- A Risus Option by S. John Ross -
Archive Note: This option is from 1st Edition Risus, preserved mainly as a historical artifact, with some new notes.
With the Funky Dice option, we move beyond the standard six-sided cubical dice, and enter the world of the d8, d10, d12, d20 and (heavens preserve us) d30. These dice allow Risus to represent, say, superheroes or demigods, without resorting to large numbers of dice. Under this system, characters are given points to create their characters with, and each type of die costs points. Specifically:
d6: 6 points d10: 10 points d20: 20 points
d8: 8 points d12: 12 points d30: 30 points
Normal characters are created with 60 points to spend. Superheroes and godlings may be created with more (200 is a good number), if the GM wants a high-powered game. Double-pump dice cost double, of course, and 4 dice is still the limit for beginning PCs . . . but they can be 4 big dice. Points not spent when characters are created are lost. Six-sided dice are the smallest permitted, and thirty-sided dice are the largest (and also loopy).
When using this option, a character with Cliché (6) may still roll to improve! If the roll is successful, he drops to (5) dice, but of the NEXT HIGHER TYPE. So, your Astronaut (6) becomes an Astronaut (5d8).
If the GM is allowing Hooks and Tales, either one will increase available starting points by 10 percent (so, normal Risus characters will get six extra points each for a Hook or Tale).
When characters with different kinds of dice form a Team in combat, the Team Leader is still the one with the highest-ranking Cliché: Swordsman (4) "ranks" higher than Swordsman (3d10), for example.
Those are the only rule-changes. Dice are still dice - if a Viking (3) wins a combat round against a Swashbuckler (3d10), the Swashbuckler loses a whole d10. Conversely, at the end of the game, the Swashbuckler has the same odds of adding a d10 to his Clichés as the Viking has of adding a d6 to his.
A sample superhero, built on 200 points (4 were left over, and lost):
Description: Disguised as Barry Parker, a mild-mannered NASCAR driver, Burning Rubber can run really really fast, burst into flame, and stretch his body into funky shapes.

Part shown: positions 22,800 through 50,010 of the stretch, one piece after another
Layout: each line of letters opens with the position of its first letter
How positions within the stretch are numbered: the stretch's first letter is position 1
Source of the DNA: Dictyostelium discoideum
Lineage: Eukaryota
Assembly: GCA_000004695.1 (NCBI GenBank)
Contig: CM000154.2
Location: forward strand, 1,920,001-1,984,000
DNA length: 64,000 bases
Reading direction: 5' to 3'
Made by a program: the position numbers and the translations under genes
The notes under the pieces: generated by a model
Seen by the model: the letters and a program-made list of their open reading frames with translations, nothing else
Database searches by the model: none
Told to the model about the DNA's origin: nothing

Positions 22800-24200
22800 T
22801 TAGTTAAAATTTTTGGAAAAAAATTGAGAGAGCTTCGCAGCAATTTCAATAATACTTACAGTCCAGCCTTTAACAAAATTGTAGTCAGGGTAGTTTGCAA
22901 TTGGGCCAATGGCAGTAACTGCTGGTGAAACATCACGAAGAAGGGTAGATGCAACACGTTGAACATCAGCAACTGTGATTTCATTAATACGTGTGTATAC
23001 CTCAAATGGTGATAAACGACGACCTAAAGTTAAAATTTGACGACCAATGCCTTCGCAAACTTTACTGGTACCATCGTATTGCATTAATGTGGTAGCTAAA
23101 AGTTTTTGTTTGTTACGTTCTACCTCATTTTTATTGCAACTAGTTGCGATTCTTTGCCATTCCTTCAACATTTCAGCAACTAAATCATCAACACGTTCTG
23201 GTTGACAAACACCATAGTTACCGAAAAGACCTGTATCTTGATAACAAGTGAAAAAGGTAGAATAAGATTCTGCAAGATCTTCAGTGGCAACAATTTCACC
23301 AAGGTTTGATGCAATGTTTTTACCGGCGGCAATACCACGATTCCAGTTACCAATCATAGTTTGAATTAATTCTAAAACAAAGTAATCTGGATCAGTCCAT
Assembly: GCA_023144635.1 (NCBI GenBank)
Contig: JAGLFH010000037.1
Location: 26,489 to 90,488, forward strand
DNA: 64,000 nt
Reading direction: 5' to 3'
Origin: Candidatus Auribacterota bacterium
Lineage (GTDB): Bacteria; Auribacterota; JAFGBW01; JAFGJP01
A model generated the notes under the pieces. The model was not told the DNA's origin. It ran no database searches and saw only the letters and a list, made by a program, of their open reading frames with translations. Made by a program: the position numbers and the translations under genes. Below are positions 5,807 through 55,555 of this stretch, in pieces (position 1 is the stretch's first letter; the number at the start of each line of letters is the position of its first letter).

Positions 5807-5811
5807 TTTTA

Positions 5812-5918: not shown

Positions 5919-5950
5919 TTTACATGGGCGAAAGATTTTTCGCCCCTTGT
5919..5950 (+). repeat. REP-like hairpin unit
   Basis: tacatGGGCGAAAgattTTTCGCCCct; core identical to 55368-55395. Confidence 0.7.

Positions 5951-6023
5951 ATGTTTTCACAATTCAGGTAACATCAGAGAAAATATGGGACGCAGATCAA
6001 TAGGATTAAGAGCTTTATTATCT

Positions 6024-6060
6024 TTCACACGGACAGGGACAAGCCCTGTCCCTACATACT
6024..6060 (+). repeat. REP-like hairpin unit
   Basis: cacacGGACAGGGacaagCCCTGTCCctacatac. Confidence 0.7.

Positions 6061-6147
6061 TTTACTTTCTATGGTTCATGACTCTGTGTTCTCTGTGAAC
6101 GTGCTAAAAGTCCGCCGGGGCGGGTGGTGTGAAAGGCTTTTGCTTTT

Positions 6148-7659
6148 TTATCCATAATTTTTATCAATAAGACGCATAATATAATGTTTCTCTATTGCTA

Clichés: Speedster [2d10], On-Fire Guy [2d20], Stretching Guy (4d10), Stock-Car Driver(3), Football Fan(3)
An expanded Target Number list for superhumans, compared to feats of physical strength:
30: Throwing a motorcycle.
50: Throwing a tank.
70: Throwing a loaded train.
85: Throwing a pile of 15,000 loaded trains . . .
100: Kicking the Earth five feet out of orbit.
Note the nonlinearity! This ain't rocket science.
- The Dread Caltrop Equation -
The Funky Dice option makes the humane
assumption that the d4 is forbidden from the gaming table (in fact,
it makes the somewhat romantic assumption that the d4 is stricken
from the universe, since stepping on a d4 is the only thing more
painful than stepping on a Lego). But, some softhearted folks love
The Funky Dice math is (deliberately) canted to favor the d6 in terms of points-to-game-value ratio. If you allow the d4 for 4 points, it usurps the d6, which isn't cool. To allow dice of any size (including the d4) to work, increase all the die-costs by 1 point (so, a d6 now costs 7 points, and so on) and change the basic point-pool from 60 to 70. This (alas) removes the dominance of the d6 (all dice are now priced proportionately to their output) and works even in non-euclidean realms where they have d11s or whatever.
But, consider this option carefully, because caltrops. Think of the children! Think of their feet!